The original statue, which was built in 1885, was placed on top of the 3 story Chamber of Commerce building at 12th and Pacific in downtown Tacoma. Designed by C. Augustus Darmer, the statue exhibited symbols of commerce for that time in 1950. Due to a fire, the Commerce Building was demolished, along with the 7-foot copper statue.
According to Lehrer, today’s Goddess of Commerce statue, now located on 6th and St. Helens, which was built by Marilyn Mahoney, depicts Tacoma’s current industries. Her earrings are cranes, which symbolize the Port of Tacoma and the fishing industry is represented down her back. In her right arm, she cradles the model of the city of Tacoma as it is today; Art, architecture, and the construction of spaces for modern commerce are represented by the familiar facades of buildings such as the Tacoma Glass Museum, Tacoma Dome, & Old City Hall. She also holds the model of a container ship representing maritime of today in her left hand.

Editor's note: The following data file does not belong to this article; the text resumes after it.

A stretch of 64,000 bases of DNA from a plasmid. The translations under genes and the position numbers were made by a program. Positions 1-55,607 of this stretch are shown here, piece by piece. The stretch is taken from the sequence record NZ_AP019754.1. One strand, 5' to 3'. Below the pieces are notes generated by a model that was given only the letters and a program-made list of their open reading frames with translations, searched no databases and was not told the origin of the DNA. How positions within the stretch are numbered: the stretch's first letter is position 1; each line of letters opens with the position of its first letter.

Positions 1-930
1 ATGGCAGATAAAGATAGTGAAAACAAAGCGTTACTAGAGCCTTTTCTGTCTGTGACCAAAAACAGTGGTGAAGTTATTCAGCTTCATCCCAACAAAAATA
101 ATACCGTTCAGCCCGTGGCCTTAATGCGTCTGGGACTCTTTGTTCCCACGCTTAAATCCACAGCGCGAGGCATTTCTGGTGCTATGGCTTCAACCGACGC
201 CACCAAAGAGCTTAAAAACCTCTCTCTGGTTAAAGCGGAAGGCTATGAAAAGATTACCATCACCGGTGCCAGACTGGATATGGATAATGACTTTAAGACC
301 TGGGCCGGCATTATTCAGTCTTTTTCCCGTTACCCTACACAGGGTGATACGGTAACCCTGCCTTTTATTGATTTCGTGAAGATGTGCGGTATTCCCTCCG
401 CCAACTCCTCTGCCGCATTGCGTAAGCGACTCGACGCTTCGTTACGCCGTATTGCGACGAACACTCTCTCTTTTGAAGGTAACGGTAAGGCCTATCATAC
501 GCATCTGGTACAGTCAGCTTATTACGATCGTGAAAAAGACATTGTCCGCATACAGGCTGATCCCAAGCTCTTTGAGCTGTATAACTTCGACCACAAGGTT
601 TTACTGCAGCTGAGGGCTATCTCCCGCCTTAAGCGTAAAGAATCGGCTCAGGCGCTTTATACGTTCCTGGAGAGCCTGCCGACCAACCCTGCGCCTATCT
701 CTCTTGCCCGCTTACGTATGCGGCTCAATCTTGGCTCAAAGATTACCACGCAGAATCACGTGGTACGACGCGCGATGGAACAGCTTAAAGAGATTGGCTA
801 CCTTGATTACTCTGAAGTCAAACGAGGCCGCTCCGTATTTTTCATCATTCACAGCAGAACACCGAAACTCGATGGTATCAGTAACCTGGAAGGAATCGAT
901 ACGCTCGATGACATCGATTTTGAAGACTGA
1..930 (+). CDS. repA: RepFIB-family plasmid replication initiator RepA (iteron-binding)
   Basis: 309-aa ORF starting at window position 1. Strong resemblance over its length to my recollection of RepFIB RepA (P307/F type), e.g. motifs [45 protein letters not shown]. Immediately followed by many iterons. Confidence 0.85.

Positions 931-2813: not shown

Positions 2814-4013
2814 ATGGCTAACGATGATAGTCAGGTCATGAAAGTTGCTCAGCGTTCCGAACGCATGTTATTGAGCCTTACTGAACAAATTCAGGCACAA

“We are excited that the community worked and gathered together in order to re-dedicate the statue,” Pierson stated. “The statue is more about recognizing the power of the community and the economic strength of the region.”
The project, which was funded and endorsed by the Theater District Association, the Tacoma Historical Society, the Port of Tacoma, and other generous donors, stands proud overlooking the port of Tacoma.
The once homeless Goddess now has a place to call home.